What are peptides and what types of benefits do they offer?
A peptide is a short chain of amino acids. Peptides are found in all living cells. The amino acids in a peptide are connected to one another in a sequence by bonds called peptide bonds. Peptides are distinguished from proteins by their shorter length, although the cut-off number of amino acids for defining a peptide and protein can be arbitrary. Traditionally, peptides are defined as molecules that consist of between 2 and 50 amino acids, whereas proteins are made up of 50 or more amino acids.
Peptides may be subdivided into oligopeptides, which have 2-20 amino acids, and polypeptides, which have a higher number of amino acids. Proteins are formed from one or more polypeptides joined together. Essentially proteins are very large peptides. In fact, some researchers use the term peptide to refer specifically to oligopeptides, or otherwise relatively short amino acid chains, with the term polypeptide being used to describe proteins, or chains of 50 or more amino acids.
Certain types of peptides play key roles in regulating the activities of other molecules. Among cells, peptides can perform various biological functions. For example, some peptides act as hormones, or they may stimulate the body to release certain of its own endogenous hormones. Other peptides may promote tissue repair and stimulate collagen production, reduce body fat and stimulate lean muscle development, help regulate circadian rhythms to improve sleep, reduce inflammation and improve the immune system. Some peptides have been found to possess antibacterial, antiviral and antimicrobial properties while others have even demonstrated neuro-protective and neuro-regenerative properties.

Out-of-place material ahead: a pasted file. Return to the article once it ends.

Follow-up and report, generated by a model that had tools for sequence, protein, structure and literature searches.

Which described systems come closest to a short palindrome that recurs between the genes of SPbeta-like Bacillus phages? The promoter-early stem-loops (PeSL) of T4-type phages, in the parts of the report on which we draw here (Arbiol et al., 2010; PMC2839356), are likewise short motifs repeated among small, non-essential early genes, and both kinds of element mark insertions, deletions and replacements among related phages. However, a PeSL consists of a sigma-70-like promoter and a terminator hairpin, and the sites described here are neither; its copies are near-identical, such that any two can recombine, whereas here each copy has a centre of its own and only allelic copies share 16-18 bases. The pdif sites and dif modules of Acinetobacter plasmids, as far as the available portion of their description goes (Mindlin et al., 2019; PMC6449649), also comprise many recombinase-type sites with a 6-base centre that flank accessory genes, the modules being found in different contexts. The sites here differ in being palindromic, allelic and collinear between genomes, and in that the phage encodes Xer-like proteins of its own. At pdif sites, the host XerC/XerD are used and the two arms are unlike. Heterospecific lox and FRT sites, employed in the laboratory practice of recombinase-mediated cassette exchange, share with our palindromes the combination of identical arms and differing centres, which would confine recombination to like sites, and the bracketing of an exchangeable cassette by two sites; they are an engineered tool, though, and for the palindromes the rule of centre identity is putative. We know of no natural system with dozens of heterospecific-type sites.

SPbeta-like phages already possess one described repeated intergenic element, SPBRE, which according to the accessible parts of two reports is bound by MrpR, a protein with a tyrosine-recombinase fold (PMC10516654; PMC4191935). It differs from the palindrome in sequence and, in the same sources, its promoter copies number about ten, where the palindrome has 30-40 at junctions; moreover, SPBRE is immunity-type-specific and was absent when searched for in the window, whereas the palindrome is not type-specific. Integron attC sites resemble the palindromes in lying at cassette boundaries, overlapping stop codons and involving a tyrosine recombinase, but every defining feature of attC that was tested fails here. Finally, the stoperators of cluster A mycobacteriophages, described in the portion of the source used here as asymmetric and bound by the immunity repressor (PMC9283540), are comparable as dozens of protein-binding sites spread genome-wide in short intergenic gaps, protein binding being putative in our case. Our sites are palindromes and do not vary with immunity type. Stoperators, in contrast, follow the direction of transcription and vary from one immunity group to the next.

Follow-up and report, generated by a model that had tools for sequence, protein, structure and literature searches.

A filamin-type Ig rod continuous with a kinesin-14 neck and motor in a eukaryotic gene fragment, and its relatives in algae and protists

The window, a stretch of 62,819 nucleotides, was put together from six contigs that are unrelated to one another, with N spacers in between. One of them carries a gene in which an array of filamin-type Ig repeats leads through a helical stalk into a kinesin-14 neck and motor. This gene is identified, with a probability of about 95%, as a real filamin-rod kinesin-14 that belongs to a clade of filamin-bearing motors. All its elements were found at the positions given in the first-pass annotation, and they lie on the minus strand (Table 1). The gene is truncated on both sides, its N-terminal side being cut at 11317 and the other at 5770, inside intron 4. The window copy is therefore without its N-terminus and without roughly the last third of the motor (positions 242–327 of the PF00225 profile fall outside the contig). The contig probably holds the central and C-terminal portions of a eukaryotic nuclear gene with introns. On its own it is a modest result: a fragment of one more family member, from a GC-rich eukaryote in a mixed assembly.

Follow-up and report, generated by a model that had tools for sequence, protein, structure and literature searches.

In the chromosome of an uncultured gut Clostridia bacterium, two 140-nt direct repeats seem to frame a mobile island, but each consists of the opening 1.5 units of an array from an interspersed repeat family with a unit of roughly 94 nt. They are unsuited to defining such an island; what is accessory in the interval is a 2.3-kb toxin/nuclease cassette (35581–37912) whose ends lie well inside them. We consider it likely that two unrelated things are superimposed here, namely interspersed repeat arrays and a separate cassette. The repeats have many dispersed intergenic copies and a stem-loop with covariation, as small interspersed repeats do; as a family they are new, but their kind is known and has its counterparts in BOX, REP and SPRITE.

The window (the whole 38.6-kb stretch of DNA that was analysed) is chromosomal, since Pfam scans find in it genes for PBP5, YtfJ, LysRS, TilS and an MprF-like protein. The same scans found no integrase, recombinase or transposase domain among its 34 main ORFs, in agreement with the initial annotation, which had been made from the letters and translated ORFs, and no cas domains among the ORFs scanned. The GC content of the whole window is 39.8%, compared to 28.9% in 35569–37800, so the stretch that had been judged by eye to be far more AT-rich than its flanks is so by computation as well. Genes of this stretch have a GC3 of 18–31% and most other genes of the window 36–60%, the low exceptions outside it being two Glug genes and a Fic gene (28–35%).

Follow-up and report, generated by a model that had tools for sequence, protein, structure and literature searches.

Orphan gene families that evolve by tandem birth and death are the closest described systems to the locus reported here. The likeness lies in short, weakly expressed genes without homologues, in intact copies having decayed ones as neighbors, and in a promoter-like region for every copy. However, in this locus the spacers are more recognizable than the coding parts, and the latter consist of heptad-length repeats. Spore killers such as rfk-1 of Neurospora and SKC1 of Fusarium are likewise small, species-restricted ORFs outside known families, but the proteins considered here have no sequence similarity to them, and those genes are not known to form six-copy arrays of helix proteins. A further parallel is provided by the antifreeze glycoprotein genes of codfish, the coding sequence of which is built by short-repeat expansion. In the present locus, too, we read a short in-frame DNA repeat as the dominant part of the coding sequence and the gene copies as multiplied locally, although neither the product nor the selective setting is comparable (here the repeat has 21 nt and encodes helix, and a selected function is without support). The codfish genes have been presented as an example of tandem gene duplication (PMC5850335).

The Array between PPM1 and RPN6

In recent years, peptides have received increased interest in pharmaceutical, food, cosmetics and other fields. The high potency, specificity and good safety profile are the main strengths of peptides as new and promising therapies that may fill the gap between small molecules and protein drugs. Peptides possess favorable tissue penetration and the capability to engage in specific interactions with endogenous receptors. These positive attributes of peptides have driven research in evaluating peptides as versatile tools for drug discovery and delivery. With the ability to address immune function, improve inflammatory responses and neurological functions, peptides appear to hold great promise for treating diseases once thought to be untreatable.